Big Brother at Work

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26 January, 2018

Surveillance and privacy in the work has been under the spotlight recently at the European Court of Human Rights. The cases of Antovic and Mirkovic v Montenegro and Lopez Ribaida & Ors v Spain considered whether video surveillance breached Article 8 of the European Convention on Human Rights.

Article 8 of the ECHR protects individuals right to respect for their private and family life.

In the Antovic and Mirkovic case, the Dean of the School of Mathematics at the University of Montenegro informed the professors that video surveillance has been introduced and that it was in the auditoriums where classes were held. Later a decision was issued which specified that the aim of the measure was to ensure the safety of property and people including students and the surveillance of teaching. It was confirmed that access to data that was collected was protected by codes known only by the Dean and the data were to be stored for a year.

Antovic and Mirkovic complained about this to the Personal Data Protection Agency on the basis that safety was not an issue and in any event there were other means of protecting people and property and monitoring classes. The Agency ordered the University to remove the cameras.

Antovic and Mikovic then brought compensation claims for a violation of their right to private life, notably by the unauthorised collection and processing of data on them. The Domestic Courts ruled against them at first instance and on appeal. The European Court however found that the right to privacy under Article 8 had been breached and although the University is a public sphere, private life encompasses business and professional activities.

In the Lopez Ribalda case the applicants were all working as cashiers for a family owned supermarket chain. The employer notices some irregularities between stock levels and what was actually sold on a daily basis. They installed both visible and hidden cameras. The purpose of the visible cameras was to record customer thefts and they were pointed towards the entrances and exits. The hidden cameras were zoomed in on the checkouts and area behind the cash desk. Notice was given to staff of the visible cameras but not the hidden cameras.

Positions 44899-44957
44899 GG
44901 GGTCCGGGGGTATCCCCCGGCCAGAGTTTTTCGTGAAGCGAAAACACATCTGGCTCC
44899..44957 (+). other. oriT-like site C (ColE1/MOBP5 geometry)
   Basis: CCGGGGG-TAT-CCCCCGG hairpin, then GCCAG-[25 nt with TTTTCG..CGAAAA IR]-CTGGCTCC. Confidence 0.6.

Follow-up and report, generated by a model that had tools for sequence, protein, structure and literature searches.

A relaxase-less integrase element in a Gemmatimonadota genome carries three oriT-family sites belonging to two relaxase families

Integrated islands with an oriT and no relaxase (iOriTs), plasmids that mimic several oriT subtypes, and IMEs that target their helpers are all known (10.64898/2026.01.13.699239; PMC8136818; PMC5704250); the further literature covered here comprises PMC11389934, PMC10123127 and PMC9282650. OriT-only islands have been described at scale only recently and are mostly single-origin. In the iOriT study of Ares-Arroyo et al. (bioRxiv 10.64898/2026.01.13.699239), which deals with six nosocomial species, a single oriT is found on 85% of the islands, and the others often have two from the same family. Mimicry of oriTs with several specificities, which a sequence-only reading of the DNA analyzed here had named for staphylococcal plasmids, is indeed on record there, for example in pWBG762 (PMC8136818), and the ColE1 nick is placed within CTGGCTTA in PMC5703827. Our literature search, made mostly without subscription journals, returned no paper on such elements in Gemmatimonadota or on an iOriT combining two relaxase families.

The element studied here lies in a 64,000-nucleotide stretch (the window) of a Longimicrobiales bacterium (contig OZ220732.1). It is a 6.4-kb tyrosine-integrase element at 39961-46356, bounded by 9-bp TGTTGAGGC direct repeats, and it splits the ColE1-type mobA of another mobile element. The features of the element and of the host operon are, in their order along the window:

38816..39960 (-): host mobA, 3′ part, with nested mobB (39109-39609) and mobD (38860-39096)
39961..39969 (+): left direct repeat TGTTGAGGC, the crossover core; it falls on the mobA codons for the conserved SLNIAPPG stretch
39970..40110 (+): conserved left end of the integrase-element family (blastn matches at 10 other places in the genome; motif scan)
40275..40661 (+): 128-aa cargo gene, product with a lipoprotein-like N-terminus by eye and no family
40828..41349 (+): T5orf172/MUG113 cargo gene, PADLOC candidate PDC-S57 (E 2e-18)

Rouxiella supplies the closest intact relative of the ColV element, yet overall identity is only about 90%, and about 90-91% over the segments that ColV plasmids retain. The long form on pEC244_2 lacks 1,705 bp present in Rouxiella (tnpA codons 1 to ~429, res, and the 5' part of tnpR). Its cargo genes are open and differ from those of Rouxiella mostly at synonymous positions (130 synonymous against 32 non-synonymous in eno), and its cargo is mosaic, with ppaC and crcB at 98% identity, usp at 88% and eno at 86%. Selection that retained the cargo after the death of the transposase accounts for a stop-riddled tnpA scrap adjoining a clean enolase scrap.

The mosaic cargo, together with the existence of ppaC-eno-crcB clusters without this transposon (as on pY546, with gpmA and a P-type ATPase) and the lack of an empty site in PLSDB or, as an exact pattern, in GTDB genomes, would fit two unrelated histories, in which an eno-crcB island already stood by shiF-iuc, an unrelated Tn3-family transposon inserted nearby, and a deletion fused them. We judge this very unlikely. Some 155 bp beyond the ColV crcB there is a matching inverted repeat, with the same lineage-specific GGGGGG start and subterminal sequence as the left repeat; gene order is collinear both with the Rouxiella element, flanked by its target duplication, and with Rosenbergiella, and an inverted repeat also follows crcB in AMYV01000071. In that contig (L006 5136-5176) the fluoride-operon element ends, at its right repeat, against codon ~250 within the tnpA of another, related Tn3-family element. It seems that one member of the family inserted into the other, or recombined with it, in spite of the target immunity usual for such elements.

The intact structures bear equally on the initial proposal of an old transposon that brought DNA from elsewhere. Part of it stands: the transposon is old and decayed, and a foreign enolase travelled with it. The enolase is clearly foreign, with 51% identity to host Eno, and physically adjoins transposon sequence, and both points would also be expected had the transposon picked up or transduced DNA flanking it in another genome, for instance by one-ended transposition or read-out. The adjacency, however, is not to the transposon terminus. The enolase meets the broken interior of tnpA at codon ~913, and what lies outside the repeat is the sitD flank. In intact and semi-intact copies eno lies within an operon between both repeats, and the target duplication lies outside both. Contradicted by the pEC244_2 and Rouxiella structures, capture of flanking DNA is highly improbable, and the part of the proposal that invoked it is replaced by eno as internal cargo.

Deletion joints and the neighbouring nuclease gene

Those accused of theft admitted their involvement and were dismissed. They brought unfair dismissal claims and argued breach of their right to protection of their privacy. The Spanish court held that the measure was justified, appropriate to the legitimate aim pursued, necessary and proportionate. The European Court did not agree found again that Article 8 had been violated on the basis that surveillance in the workplace is an intrusion into private life and this includes personal appearance.

These cases do not however mean that video surveillance in the workplace is no longer possible. Caution must be exercised and it is almost impossible to justify covert surveillance. Employers who have this in place must ensure that employees are explicitly, precisely and unambiguously informed of its existence. In addition, they must been informed how this data will be processed, the purpose for collection and who has access. The scope of the surveillance should be limited and there are guarantees against abuse.

With the introduction of the General Data Protection Regulations in May, employers should consider their surveillance practices carefully and take advice to ensure they are fully compliant.

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